Mosab goes through the history of Muslims and his family. His father was the head of Hamas. In essence, his father was likened to a king and he, a prince, in his homeland. When his father was around, people treated him and his mother like royalty. They always had much to eat and plenty of clothes to wear; at least until his father got arrested by the Israelis. During those imprisonments, Mosab and his family struggled to put food on the table. One day his mother began making baklava to sell to the workers. It brought money into the household until his terrorist uncle spied him begging on the streets. After that, his mother cried bitterly they would sell no more baklava.
Online sources talk about the amazing number of Muslims that are turning to Christ especially after the Pakistan flood. After reading Mosab’s account of struggle during the years of his father’s imprisonment, I can understand why Muslims are coming to Christ now.
“I was angry. I didn’t understand why our neighbors and family wouldn’t help us. And on top of that, they had the nerve to judge us for trying to help ourselves. I wondered if the real reason they would not lend a hand to our family was that they were afraid of getting into trouble themselves if the Israelis thought they were helping terrorists. But we weren’t just terrorists. Neither was my father. Sadly, that would change, too.”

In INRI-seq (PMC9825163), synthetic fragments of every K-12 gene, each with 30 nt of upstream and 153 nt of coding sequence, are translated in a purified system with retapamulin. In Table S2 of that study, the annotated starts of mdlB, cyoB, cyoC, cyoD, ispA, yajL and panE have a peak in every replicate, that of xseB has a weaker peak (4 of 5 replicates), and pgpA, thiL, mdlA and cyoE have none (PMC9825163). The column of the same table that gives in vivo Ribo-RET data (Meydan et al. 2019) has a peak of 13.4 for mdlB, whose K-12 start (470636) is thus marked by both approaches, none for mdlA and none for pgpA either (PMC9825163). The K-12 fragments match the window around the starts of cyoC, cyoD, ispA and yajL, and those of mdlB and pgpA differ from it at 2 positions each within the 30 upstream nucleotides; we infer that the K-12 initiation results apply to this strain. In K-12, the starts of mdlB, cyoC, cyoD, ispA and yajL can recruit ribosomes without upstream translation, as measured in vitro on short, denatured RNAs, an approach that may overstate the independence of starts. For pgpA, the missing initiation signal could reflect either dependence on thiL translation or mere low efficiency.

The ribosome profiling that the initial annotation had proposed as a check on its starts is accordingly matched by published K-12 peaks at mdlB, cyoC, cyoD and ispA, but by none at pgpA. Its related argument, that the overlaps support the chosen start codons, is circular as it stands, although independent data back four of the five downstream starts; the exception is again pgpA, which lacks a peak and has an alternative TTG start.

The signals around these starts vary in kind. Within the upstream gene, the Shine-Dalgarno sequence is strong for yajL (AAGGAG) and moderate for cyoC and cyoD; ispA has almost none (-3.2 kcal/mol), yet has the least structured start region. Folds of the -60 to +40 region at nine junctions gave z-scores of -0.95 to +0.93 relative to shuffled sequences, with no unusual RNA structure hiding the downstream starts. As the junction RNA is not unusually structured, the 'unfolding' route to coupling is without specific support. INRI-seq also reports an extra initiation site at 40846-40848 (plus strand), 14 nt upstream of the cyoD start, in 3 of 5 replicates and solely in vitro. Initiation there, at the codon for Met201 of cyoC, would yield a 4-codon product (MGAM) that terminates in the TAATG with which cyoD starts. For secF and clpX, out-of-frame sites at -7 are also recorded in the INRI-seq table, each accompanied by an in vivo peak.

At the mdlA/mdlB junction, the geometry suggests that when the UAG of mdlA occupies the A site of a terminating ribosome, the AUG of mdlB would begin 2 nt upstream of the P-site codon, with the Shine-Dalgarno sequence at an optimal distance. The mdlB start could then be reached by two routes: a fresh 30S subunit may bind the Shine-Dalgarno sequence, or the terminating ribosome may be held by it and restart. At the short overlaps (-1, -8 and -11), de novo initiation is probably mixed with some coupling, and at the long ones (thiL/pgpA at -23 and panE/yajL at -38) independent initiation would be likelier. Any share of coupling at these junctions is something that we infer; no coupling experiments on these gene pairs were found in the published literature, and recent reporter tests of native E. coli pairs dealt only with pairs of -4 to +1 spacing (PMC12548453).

But Mosab’s story is so much more than just another testimony! This man was the son of a well known, high ranking Hamas leader. It’s a miracle Mosab came to know Christ. He was raised in a household of extreme ideas with family who would later coax children to strap bombs to their bodies and walk into crowded areas only to die. His father never directly backed that idea, but he never went against it either. Mosab makes a great comparison between his father and Saul (as in Paul):
“No, my father did not build the bombs, strap them onto the bombers or select the targets. But years later I would think of my father’s answer when I encountered a story in a Christian Bible that describes the stoning of a young innocent named Stephen. It said, “Saul was there, giving approval to his death” (Acts 8:1).”